In one respect, it is remarkable that the community of Fallbrook doesn't already have a weekly farmers market in town and perhaps equally so as to why the town doesn't have it's own vintage swap meet. No matter, both are now in the works and could arrive within the next month or so, with one starting sooner than the other. We are starting a farmer's market on Saturdays," Lila MacDonald, Chief Executive Officer of the Fallbrook Chamber of Commerce, said. "Again, lots of people have asked and it just has not become a reality and now it can be." Robert Sommers, owner of the Blue Heron Gallery for the past 23 years, is proposing to bring a vintage swap meet to Fallbrook, hopefully by the end of the year, if not sooner.
"I've been in contact with hundreds of great vendors and Fallbrook residents that want to be on board," he said.
James Wallace grew up in Laguna Hills and San Clemente and was attending Saddleback College when 9/11 happened. Not long after that, he enlisted in the United States Army.
"I was in for three and a half years," he said. "I was (working with) Patriot missiles. I spent two of those years in Korea and I ended up getting hurt over there."
Until he was medically discharged, he hadn't really given art much thought, but now he's pursuing art full time. "(Painting) was like a pain release, I mean, it takes your mind somewhere else and it's an escape."
A week ahead of Thanksgiving, the Fallbrook Union High School District's Food Services Department provided thousands of area children and their families with a Thanksgiving box as part of its meal distribution program on Thursday, Nov. 19. Included in the packages handed out Thursday morning and afternoon was a ham, carrots, celery, potatoes, cans of cream of mushrooms, grapes, a whole pizza, milk and chocolate milk, a pumpkin pie, and more. They partnered with Albertsons and Grocery Outlet to obtain items that they don't generally obtain from their food distributor.
A fire that broke out in the home of well-known horse rescue center owners Friday, Dec. 4 that also spread to surrounding vegetation was contained and extinguished by firefighters, but not in time to save the home. The residents, Ron and Crystal Wylie, and their daughter Kiersti, who operate the Sandia Creek Ranch Auxiliary Foundation (scraf.org) for horse rescue, escaped unharmed although one of their cats reportedly died in the fire. Friends said they lost everything else at the estimated 3,000-square-foot house with a walk-out basement in the 40300 block of Sandia Creek Drive.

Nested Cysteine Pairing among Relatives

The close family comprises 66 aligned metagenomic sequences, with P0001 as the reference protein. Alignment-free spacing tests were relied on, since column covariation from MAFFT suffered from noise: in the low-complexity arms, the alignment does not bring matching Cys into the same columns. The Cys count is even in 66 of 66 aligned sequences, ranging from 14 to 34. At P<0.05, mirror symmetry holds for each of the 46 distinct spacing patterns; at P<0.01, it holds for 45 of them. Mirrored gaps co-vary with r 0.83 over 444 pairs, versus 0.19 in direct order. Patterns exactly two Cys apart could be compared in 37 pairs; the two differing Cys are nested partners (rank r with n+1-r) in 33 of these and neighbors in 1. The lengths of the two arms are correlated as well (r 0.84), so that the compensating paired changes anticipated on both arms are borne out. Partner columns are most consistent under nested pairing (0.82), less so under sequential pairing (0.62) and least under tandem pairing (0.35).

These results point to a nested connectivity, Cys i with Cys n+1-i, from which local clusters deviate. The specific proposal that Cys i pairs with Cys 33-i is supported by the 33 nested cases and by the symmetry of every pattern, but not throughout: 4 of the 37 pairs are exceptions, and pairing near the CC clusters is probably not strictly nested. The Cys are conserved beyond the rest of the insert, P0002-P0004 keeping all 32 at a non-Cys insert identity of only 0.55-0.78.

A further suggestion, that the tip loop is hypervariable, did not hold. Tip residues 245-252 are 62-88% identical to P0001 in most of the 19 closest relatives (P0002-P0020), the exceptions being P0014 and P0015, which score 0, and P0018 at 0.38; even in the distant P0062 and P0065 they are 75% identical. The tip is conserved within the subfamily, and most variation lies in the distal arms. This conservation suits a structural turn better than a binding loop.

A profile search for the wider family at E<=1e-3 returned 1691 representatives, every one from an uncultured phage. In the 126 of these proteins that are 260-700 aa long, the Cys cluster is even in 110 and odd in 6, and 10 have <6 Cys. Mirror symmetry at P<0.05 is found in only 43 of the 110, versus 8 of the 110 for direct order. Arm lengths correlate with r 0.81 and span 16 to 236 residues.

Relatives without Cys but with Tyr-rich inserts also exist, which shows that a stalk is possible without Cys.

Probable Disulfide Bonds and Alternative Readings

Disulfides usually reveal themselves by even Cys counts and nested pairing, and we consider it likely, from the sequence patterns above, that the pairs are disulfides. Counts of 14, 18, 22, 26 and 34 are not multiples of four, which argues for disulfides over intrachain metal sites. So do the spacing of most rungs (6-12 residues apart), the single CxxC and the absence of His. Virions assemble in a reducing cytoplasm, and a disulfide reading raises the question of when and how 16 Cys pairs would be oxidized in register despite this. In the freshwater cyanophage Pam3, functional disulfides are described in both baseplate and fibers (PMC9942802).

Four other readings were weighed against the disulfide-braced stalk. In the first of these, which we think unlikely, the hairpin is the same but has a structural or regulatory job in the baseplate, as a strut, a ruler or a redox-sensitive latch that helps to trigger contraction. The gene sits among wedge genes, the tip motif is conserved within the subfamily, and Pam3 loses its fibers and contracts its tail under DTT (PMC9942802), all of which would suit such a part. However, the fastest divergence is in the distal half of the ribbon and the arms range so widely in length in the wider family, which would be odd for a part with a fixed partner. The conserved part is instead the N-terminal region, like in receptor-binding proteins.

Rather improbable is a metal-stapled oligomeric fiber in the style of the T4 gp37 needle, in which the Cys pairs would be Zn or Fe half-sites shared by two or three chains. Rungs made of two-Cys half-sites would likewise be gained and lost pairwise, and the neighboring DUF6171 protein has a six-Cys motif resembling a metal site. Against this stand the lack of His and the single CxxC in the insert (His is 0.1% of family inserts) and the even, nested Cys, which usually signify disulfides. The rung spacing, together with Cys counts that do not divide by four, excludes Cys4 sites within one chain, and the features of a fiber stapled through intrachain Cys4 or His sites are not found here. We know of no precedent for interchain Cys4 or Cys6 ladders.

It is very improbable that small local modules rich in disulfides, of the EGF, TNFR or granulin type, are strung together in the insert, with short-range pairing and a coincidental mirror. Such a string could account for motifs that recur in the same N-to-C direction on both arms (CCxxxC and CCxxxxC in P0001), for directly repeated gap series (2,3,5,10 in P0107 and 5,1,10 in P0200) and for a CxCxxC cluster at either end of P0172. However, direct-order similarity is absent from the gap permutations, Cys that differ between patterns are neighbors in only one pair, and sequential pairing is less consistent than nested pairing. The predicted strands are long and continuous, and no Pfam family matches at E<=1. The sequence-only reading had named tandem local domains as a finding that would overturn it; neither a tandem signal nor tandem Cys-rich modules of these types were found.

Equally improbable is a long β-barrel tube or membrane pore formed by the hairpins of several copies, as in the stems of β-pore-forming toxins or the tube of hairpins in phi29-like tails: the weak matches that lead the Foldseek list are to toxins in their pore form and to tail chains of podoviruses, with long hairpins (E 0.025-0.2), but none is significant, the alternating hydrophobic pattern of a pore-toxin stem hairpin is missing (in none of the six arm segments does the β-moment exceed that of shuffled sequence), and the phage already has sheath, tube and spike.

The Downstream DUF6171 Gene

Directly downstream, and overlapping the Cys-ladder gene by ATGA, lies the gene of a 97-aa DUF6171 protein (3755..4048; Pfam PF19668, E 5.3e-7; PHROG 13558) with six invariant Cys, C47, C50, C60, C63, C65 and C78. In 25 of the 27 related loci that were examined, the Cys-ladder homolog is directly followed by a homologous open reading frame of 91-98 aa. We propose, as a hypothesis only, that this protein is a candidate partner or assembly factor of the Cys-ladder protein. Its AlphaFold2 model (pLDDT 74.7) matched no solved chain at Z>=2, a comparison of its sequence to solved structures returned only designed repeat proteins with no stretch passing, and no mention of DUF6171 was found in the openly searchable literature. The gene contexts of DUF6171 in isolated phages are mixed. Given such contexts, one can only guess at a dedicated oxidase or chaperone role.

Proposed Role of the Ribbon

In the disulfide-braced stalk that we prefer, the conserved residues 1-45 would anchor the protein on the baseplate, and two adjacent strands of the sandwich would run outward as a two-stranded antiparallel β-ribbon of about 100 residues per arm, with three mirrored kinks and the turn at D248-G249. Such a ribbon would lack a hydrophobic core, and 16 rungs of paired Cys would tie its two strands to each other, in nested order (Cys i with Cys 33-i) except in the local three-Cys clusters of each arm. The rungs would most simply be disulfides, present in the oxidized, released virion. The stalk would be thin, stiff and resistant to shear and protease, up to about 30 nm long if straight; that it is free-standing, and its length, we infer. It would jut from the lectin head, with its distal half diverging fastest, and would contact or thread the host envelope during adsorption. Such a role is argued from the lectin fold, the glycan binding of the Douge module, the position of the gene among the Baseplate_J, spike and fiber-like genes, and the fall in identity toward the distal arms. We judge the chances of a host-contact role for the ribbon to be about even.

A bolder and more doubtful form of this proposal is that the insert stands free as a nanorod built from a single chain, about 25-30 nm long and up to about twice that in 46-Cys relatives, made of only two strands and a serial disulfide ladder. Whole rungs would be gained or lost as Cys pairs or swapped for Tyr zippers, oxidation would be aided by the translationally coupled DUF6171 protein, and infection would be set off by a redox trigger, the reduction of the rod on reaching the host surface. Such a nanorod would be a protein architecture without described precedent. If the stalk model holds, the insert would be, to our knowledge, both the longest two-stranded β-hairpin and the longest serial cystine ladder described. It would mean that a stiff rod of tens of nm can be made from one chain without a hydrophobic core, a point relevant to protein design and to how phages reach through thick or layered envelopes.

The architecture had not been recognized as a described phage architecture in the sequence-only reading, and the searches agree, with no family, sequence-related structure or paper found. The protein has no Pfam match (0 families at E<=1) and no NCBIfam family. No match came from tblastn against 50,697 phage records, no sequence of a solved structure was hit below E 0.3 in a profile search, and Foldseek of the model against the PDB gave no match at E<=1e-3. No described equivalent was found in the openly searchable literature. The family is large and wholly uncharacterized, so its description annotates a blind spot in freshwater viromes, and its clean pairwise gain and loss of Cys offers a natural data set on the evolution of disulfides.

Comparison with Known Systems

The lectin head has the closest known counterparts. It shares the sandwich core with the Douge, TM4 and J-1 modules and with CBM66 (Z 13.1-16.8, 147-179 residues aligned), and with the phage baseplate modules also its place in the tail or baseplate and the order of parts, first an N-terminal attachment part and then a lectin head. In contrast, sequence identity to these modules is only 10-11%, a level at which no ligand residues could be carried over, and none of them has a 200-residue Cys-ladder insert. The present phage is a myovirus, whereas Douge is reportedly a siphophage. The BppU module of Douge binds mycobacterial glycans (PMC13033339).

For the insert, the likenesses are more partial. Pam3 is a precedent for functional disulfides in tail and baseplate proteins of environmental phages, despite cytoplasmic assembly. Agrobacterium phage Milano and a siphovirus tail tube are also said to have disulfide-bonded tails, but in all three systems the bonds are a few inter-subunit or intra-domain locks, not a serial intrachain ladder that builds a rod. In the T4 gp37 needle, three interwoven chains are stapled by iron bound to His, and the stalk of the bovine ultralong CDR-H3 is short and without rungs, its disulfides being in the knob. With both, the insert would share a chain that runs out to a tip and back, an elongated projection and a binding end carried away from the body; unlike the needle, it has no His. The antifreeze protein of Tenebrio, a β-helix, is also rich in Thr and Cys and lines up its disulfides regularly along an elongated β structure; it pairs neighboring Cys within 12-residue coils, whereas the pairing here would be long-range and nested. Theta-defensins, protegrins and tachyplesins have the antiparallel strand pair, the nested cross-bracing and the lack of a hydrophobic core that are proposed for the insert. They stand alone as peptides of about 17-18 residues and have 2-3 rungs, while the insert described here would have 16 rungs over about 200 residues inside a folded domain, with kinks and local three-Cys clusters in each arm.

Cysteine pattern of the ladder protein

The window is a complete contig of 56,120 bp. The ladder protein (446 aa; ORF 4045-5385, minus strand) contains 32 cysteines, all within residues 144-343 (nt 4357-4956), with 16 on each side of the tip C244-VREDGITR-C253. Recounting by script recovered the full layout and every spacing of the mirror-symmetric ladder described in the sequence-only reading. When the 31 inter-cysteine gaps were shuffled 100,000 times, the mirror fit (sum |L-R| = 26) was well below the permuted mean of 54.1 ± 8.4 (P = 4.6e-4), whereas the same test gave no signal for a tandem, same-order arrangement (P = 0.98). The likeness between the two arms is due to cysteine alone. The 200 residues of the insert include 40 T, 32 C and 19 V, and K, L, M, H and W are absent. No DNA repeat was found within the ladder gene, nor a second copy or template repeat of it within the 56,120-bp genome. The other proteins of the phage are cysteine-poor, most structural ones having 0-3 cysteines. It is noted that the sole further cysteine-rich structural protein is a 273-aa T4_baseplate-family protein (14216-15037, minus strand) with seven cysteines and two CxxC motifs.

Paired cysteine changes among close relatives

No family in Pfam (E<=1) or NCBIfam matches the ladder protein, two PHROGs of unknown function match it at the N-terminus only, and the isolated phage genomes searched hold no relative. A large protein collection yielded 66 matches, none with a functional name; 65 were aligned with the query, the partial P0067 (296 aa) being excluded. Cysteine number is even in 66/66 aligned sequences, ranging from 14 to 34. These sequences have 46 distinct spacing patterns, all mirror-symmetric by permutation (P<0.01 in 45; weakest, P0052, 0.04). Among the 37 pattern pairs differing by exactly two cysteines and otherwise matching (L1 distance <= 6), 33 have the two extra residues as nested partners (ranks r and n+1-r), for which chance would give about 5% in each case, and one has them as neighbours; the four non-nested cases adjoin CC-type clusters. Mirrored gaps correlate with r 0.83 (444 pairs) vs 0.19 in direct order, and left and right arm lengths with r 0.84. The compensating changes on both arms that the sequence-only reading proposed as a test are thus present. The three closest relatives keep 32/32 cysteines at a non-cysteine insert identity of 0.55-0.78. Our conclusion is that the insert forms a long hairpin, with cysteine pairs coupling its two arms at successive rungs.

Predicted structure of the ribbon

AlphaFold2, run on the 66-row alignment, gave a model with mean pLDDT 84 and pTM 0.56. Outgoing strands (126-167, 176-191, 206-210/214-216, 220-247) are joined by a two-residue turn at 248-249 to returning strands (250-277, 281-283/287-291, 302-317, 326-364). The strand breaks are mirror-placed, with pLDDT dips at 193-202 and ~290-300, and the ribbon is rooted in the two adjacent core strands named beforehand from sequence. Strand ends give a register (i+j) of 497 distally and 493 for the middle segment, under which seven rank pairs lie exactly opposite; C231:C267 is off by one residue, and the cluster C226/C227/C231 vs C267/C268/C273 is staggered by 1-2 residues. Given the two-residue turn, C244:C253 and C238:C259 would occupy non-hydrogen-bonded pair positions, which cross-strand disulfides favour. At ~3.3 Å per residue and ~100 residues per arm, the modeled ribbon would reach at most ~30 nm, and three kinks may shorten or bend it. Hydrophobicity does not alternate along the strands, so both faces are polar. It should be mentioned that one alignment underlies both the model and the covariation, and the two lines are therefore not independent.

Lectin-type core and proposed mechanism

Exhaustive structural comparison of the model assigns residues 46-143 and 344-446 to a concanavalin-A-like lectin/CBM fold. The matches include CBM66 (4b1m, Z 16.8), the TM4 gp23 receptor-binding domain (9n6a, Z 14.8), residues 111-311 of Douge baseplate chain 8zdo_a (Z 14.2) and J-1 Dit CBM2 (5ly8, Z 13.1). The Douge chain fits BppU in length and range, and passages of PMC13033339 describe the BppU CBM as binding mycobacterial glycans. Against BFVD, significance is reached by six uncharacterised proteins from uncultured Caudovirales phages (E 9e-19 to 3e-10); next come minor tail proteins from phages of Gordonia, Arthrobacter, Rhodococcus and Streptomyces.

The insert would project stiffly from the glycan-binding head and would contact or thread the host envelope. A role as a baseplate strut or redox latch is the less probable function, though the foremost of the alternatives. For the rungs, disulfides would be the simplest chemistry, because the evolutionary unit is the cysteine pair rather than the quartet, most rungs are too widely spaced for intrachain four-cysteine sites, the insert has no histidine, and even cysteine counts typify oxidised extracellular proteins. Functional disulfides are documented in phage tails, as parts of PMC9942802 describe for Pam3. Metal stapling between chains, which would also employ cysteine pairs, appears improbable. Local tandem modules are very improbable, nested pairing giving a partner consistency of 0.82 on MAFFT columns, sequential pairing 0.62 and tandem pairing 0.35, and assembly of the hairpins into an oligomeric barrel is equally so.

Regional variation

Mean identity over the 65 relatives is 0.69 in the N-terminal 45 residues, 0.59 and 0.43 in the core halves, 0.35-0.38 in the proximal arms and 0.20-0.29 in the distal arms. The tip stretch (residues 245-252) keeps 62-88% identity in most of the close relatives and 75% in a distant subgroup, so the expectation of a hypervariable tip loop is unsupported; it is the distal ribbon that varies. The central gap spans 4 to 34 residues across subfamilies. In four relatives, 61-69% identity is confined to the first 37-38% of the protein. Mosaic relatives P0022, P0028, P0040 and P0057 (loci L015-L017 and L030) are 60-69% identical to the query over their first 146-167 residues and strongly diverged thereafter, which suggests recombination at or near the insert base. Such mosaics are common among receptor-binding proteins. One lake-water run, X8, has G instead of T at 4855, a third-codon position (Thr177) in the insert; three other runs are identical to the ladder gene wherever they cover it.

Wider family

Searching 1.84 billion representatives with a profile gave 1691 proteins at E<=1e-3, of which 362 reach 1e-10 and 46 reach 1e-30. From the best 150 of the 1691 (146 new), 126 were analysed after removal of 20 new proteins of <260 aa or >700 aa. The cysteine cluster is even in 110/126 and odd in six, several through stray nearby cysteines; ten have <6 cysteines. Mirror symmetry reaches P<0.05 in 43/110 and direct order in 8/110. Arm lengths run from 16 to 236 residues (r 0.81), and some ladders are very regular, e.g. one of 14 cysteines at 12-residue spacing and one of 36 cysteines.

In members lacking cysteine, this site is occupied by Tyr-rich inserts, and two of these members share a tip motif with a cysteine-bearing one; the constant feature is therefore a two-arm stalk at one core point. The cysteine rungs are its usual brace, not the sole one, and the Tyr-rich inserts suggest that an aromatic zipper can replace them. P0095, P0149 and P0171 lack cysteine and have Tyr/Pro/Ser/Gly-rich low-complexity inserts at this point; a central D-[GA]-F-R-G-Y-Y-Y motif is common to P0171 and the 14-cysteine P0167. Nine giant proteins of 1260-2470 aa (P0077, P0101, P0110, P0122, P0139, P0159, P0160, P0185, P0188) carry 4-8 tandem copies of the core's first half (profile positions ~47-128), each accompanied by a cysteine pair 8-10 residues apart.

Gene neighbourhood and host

Bonsall's Michael Casteneda doesn't raise and care for his white pigeons because he hopes to make a buck. He doesn't do it for the competitions.
He raises his 40 or so birds for the sheer joy of it. "They are a joy to watch," he said. "They give you calm feelings. My neighbors are always stopping me when I'm out in front. They tell me how beautiful and how much they enjoy coming home in the evening after work, you know, fighting with the public and doing whatever they do at work. They enjoy watching and they just bring a lot of joy to the earth when there's so much garbage out there."
Chris Ingraham, Post Commander of the Charles E. Swisher Veterans of Foreign Wars Post 1924, is anticipating a big Christmas day for the post and its members and volunteers. "With this current COVID stay at home order, we think we will have even more than we had for Thanksgiving because there are actually people that aren't gonna go anywhere," Ingraham said. "We're expecting about 800 meals to be either takeout or delivered for Christmas."
During its Monday, Dec. 14 meeting, the Fallbrook Union High School District Board of Trustees approved a contract between the district and Fallbrook High School Teachers Association and a memorandum of understanding between the district that would set hybrid learning for limited students to begin only when San Diego County returns to the red tier and more students when the county hits the orange tier of Gov. Gavin Newsom's framework for reopening.